Banner Urgent Care Implements New Technology to Detect Valley Fever Earlier in Patients 

With the spring season upon us and low chances of rain until mid-summer, Banner Health experts are warning that Valley fever cases are likely to rise.

To get ahead of serious cases, Banner Urgent Care facilities have implemented a new Valley fever dashboard, which gives medical experts real-time information about Valley fever activity in Arizona, especially in Maricopa County. Information includes important data from Banner Urgent Care clinics to show medical providers the percentage of individuals in the Banner Health network who have tested positive for the disease, as well as symptoms.

“Valley fever is an infection caused by breathing in spores of fungus found here in the Arizona soil,” says Dr. Robert Johns, Medical Director of Banner Urgent Care. “Valley fever can occur all year round but is especially likely when the ground dries out and those fungus spores get into the air. It’s endemic to the southwestern United States.”

Dr. Johns explains that severity in Valley fever infections range from mild to severe – most people start with symptoms of fever, fatigue, cough, chest pain, rash, and joint pain – and many people can recover without medical intervention. However, when the disease progresses, that’s when it becomes more serious, and those symptoms include acute respiratory failure, lung nodules, lung cavities, and infections beyond the lungs like meningitis.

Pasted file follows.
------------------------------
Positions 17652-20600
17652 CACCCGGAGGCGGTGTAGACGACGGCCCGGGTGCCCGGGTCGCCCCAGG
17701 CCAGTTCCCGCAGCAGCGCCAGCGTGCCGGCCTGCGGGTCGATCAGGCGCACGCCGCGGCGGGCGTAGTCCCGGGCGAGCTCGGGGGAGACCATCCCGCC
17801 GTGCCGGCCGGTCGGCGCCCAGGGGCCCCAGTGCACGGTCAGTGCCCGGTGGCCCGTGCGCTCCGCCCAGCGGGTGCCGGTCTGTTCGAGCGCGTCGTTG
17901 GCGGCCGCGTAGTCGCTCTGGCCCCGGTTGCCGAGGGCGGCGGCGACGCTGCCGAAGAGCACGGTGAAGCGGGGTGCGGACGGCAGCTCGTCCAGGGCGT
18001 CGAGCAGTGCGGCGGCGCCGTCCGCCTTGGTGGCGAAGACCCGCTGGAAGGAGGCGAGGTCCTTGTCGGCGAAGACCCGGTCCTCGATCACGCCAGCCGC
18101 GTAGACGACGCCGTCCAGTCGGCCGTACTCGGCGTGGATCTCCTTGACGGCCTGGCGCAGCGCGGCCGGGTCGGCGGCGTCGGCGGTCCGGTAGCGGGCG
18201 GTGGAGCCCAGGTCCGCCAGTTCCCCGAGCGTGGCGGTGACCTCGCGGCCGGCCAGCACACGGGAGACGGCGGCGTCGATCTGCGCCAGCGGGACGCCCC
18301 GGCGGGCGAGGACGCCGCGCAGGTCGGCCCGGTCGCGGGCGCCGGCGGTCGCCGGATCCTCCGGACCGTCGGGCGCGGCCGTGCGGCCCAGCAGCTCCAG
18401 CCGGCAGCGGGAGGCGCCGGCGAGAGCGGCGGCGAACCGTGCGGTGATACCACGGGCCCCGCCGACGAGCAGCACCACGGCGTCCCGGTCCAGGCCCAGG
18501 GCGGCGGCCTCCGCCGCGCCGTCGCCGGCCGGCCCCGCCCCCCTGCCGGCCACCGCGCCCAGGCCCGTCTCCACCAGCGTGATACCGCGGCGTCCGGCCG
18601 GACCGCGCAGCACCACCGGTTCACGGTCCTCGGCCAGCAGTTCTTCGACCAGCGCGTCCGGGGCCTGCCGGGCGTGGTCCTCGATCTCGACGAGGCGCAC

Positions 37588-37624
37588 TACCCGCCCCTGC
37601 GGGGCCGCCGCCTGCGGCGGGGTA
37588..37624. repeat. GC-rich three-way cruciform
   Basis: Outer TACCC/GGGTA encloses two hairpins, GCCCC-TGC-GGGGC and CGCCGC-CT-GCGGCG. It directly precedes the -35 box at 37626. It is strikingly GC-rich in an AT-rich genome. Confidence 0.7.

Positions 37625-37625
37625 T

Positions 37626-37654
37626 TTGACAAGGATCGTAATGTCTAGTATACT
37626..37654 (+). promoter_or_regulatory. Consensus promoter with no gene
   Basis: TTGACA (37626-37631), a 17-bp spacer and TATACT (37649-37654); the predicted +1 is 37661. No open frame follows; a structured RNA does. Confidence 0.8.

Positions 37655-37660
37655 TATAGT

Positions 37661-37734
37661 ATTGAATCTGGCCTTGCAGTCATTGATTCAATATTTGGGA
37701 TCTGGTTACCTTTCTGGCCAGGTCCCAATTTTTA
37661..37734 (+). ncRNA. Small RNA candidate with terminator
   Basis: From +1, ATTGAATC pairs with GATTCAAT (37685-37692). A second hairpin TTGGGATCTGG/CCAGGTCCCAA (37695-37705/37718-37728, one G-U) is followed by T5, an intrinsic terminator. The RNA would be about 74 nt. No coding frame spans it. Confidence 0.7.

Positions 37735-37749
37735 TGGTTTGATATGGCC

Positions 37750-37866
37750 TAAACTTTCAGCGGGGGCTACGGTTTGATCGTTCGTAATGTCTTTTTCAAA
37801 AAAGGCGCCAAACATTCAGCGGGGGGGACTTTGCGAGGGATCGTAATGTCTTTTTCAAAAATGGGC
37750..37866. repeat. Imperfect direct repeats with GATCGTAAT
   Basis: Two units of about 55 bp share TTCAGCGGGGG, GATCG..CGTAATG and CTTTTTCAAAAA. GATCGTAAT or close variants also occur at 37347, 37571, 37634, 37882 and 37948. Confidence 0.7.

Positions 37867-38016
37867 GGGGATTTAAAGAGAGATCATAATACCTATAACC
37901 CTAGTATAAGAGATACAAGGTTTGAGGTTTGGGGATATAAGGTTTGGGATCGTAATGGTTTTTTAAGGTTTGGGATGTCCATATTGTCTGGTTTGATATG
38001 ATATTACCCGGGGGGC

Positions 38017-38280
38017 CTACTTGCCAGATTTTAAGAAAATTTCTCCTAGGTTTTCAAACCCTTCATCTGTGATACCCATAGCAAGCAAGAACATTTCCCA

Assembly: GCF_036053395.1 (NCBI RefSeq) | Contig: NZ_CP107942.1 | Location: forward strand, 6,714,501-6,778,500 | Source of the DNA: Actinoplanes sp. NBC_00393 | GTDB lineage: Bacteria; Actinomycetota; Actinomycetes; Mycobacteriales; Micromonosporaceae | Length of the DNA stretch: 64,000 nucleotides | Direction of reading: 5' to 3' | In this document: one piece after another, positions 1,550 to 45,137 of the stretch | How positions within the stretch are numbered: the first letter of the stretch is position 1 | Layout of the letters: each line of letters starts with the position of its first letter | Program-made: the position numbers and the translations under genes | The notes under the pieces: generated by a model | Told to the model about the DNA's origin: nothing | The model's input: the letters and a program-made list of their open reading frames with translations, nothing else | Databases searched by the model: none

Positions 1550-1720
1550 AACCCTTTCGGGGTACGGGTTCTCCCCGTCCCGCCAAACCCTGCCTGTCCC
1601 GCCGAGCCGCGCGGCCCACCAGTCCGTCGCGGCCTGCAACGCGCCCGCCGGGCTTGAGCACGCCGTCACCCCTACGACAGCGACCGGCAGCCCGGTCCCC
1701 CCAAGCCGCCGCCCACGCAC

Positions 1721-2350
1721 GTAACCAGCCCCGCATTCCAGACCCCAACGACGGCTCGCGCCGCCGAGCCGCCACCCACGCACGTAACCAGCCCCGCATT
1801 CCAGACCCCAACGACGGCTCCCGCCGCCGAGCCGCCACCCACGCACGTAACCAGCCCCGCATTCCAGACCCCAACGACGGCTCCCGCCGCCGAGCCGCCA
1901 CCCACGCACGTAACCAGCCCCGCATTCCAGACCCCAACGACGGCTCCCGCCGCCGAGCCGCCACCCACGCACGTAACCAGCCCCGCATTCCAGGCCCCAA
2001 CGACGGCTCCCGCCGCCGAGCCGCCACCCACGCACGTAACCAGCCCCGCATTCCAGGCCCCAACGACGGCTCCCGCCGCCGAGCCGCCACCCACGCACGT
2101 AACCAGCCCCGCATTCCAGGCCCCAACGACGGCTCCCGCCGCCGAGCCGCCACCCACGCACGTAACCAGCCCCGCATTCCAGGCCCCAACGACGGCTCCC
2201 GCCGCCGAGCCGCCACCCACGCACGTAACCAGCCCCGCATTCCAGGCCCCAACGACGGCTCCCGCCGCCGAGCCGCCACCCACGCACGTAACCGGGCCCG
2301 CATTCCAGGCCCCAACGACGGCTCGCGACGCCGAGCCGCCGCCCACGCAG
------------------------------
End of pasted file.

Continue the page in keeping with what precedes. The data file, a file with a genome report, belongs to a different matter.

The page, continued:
“We’ve worked closely with Dr. John Galgiani, the Director of The Valley Fever Center at Banner University Medical Center, to better determine urgent care patients that may need to be tested for Valley fever, especially those who don’t have respiratory symptoms,” Dr. Johns said.

Right now, Banner Urgent Care is implementing a process that will test all patients with pneumonia for Valley fever, unless another cause has been determined. Providers also look at the other common infection symptoms to determine whether to test.

“About half of all Valley fever diagnoses in Banner Urgent Care are made in patients who don’t technically have clear cut pneumonia,” notes Dr. Galgiani. “That means other patients with more vague symptoms of persistent fatigue, respiratory symptoms, arthralgias, and rashes might also be good candidates for Valley fever testing.”

The Valley fever dashboard is another tool that helps Banner Urgent Care providers focus on the Valley fever landscape, understand its prevalence in the area, and determine when spikes in cases are happening.

Dr. Johns says that patients who develop a certain pneumonia from Valley fever, if not treated appropriately, can progress to hospitalization, ventilation, and/or surgery to remove part of the lung.

“We want to get ahead of that to make sure this doesn’t happen to anyone,” said Dr. Johns.